Monday, January 19, 2009

Collapse of Utilities in 1929 Portends Financial Collapse in 2008

While going through my PhD thesis, I came across the following section written in 2005, which describes how the utilities helped plunge the US (and the world) into the Great Depression. It reads just like it happened now, but in the financial sector.

Do two things while reading this. Replace 'utilities' with 'financial firms and mortgage brokers' and you'll find out, how through the gaps in the regulatory process crisis occurs.

...This tight government regulation at the higher ‘state’ scale did not mean the private utilities lost out (public utilities stayed mainly within their municipal boundaries). In fact, as Samual Insull, one of the founding moguls of private electricity in America, remarked in 1913, “there is one great advantage that must follow regulation, and that advantage is protection” (Hirsh 1999: 30). There are a number of different reasons that the state enacted regulations over the industry forming a new consensus between government institutions and chiefly private electricity companies.

As a key element of the utility consensus, regulation [agreement by all parties for existence of a ‘natural monopoly’ and its regulation] constituted a social experiment typical of other reforms of the Progressive era. In drafting legislation that established state commissions, elite groups recognized the need to curtail abuses of large, technology-based companies that offered vital public services. At the same time, they realized that these companies could provide great value to society as a result of their size and technological prowess. The laws therefore reinforced the truth that companies were natural monopolies, and they outlined the commissioners’ responsibilities to enforce the obligations and maintain the rights of utilities (Hirsh 1999: 30).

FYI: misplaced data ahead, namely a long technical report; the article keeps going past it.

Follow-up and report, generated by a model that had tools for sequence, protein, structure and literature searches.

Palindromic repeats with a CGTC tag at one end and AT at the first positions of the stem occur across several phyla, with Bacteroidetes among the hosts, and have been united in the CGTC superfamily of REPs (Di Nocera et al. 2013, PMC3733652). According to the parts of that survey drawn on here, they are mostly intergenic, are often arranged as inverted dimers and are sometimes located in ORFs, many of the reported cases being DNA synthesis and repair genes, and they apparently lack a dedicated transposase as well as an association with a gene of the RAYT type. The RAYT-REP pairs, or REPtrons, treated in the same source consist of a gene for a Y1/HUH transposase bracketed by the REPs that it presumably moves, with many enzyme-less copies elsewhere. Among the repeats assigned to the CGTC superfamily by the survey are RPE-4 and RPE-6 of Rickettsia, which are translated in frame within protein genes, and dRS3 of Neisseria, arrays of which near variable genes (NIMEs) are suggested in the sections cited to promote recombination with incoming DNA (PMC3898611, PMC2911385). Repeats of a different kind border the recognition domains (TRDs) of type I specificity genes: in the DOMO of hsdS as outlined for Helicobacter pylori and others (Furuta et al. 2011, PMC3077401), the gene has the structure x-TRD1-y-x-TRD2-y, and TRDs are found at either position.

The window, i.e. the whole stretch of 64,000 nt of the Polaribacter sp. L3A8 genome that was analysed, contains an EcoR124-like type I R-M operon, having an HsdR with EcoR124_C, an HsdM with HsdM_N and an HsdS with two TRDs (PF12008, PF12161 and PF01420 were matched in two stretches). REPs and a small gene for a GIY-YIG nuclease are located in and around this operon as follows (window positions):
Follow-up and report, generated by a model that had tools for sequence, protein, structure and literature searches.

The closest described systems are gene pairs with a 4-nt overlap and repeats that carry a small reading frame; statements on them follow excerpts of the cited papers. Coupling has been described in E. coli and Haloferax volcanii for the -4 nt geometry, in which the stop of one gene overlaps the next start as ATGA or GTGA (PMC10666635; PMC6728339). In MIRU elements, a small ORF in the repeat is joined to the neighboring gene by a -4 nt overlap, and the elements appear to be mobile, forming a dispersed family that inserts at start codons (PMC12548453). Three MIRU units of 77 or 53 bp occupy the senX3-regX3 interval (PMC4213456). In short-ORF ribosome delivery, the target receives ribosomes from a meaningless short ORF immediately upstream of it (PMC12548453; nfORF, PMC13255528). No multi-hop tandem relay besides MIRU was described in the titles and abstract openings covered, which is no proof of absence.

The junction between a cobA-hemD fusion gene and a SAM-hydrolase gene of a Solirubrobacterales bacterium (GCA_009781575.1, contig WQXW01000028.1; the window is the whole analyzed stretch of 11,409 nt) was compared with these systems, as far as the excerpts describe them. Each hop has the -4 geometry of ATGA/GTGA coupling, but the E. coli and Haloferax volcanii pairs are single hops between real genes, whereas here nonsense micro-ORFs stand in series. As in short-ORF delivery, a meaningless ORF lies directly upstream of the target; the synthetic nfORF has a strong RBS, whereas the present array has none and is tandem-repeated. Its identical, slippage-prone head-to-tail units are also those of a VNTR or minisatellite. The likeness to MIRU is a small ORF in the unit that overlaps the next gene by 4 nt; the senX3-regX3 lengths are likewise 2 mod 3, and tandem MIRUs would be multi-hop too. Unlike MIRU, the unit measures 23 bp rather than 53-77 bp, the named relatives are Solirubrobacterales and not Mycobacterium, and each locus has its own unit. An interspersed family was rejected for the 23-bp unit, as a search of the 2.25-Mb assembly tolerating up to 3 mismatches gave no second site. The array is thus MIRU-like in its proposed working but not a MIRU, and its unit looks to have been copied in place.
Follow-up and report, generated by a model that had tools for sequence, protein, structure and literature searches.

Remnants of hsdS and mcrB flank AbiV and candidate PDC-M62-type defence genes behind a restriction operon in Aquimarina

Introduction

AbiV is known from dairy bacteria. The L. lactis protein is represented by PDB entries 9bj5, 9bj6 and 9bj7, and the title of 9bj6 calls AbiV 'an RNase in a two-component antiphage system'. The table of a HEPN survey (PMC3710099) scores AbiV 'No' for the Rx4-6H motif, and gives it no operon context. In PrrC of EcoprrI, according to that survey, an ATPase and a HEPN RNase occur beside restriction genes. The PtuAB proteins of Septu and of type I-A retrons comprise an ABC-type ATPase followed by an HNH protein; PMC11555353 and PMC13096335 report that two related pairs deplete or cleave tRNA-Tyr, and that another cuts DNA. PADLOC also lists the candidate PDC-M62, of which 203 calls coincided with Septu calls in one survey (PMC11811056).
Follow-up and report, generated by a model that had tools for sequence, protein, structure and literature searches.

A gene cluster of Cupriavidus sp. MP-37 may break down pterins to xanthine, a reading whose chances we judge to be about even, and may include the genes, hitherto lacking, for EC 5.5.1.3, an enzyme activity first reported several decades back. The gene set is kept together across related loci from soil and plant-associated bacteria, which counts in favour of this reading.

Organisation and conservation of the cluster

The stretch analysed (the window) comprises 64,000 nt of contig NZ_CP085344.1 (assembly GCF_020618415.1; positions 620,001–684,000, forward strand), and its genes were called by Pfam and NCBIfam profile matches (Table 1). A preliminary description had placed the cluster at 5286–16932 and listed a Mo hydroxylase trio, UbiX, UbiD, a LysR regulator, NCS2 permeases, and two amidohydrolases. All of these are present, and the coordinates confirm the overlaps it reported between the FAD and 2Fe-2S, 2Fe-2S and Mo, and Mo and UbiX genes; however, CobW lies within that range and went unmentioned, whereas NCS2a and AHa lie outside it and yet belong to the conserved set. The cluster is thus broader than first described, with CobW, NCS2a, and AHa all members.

By the early 1920s, two-thirds of states had established public utility commissions, in addition to the existing municipal authorities. Ever since, this division of powers in the US has come to play an important part in states maintaining regulatory control over electric companies.

States are closer to the electricity customers, sensitive to local economic and environmental concerns, the source of electric company franchises and rights of way, and… staffed sufficiently to regulate hundreds of electric companies (Kelly 1995: 127).

While there are advantages in this proximity of regulators and companies, there are also disadvantageous that involve the bounded geographic reach of states. At the same time that states erected regulatory commissions, the owners of electric companies continued their spatial-scale expansion throughout America, by establishing a complex maze of private holding companies with numerous local electricity companies.